Changes I Have Made in Analyzing my Data

These past few days, I have been asked what I am doing differently in my research that is different and bringing me results. Well, let me start with the lecture I attended at Dupage Genealogical Society, I learned a great deal about analyzing my evidence in a new way (new to me). You can read about this lecture here. If you have not heard Jennifer Holik speak I recommend that you do. She really opened my eyes on how I can be a better researcher. In the past, as I found records that pertained to my family I would add the information to my tree whether on line on ancestry or in my Reunion database. Sometimes if it was a family I was really working on, I might fill out a Family Group Sheet so that I can look everything over. This has worked for me to see the big picture, but it never really opened my eyes to the BIG picture of what I was missing and where I should be looking to find it. A few weeks ago, I started creating some worksheets on my computer so that I could type the information in and not have so many papers in a hard file. That helped some as well, but again no huge eye opening moments. Then I attended the above mentioned lecture and changed how I am looking at my information. I never thought to pull my families into spreadsheets to see what I am missing and try to figure out where I should be looking. For example, I am researching the Jonas family from Morton Grove, IL and I have many questions on the family:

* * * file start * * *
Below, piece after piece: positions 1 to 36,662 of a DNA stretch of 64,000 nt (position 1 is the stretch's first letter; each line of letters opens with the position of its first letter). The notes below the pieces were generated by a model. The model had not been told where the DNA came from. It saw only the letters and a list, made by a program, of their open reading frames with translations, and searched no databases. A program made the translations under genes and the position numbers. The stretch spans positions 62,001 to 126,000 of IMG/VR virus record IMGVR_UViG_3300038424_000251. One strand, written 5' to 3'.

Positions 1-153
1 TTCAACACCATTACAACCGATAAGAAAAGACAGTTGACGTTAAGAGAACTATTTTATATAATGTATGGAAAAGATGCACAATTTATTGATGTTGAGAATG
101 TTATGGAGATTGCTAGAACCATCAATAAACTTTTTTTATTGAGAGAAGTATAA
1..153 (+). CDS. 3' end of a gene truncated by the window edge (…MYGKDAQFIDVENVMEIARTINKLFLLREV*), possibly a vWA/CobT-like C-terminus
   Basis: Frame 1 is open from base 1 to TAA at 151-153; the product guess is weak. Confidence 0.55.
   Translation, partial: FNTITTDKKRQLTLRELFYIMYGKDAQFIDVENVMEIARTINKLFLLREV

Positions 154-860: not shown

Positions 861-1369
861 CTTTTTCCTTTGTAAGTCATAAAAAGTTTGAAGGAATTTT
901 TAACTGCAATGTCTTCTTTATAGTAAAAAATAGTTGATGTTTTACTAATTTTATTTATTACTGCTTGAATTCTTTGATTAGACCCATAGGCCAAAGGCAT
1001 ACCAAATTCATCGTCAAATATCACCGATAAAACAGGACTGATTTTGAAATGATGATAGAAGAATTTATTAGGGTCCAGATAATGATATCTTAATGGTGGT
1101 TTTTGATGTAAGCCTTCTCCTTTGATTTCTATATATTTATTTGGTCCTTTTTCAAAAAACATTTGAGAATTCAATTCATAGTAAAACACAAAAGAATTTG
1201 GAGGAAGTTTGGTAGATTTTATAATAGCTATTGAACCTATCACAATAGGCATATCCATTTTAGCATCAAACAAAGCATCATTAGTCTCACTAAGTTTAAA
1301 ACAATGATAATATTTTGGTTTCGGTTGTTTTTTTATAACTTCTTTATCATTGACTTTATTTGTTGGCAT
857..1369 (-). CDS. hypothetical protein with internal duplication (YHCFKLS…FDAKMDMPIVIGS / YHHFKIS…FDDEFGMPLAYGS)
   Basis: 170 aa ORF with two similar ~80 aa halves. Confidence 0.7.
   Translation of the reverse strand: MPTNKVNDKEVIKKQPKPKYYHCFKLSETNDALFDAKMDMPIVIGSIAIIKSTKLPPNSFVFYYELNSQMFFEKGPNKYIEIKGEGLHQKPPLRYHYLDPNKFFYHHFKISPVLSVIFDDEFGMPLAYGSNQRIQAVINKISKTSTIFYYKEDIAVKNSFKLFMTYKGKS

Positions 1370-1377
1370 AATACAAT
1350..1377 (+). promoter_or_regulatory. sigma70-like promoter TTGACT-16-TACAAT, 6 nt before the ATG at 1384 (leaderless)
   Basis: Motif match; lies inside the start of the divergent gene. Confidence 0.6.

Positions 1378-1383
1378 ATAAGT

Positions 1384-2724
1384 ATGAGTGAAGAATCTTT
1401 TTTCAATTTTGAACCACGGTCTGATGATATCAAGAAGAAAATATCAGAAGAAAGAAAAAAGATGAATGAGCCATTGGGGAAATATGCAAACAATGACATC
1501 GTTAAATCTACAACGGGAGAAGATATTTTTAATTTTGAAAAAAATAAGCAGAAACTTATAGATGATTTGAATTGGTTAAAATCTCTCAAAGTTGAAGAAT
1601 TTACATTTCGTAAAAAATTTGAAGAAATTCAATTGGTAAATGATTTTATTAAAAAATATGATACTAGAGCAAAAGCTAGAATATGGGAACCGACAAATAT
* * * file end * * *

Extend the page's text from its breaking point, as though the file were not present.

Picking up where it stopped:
1. Who is the unknown child that I cannot find reference to?
  2. Are John and Ida (Vick) Jonas related to this family?
  3. Is John the missing child?
  4. Is this Jonas Family related to the Jonas family in Park Ridge, IL (the two towns are close)

So, I put together a spreadsheet with address information from the US Census records, please click Jonas Family in the Census Records to view spreadsheet. All of the green shaded areas are missing information. All of the grey shaded areas tell me not to look there, they were not alive at this time. I also made any notations at the bottom of the sheet.

Now obviously this only tells me what I am missing, not want I want to know. That is the next step. Jen talked about using One Note (for PC users) to keep your notes on this family and that this is what she uses to start formatting the books she is writing. Well, I am not a PC user and was upset as we went through this because it just made sense.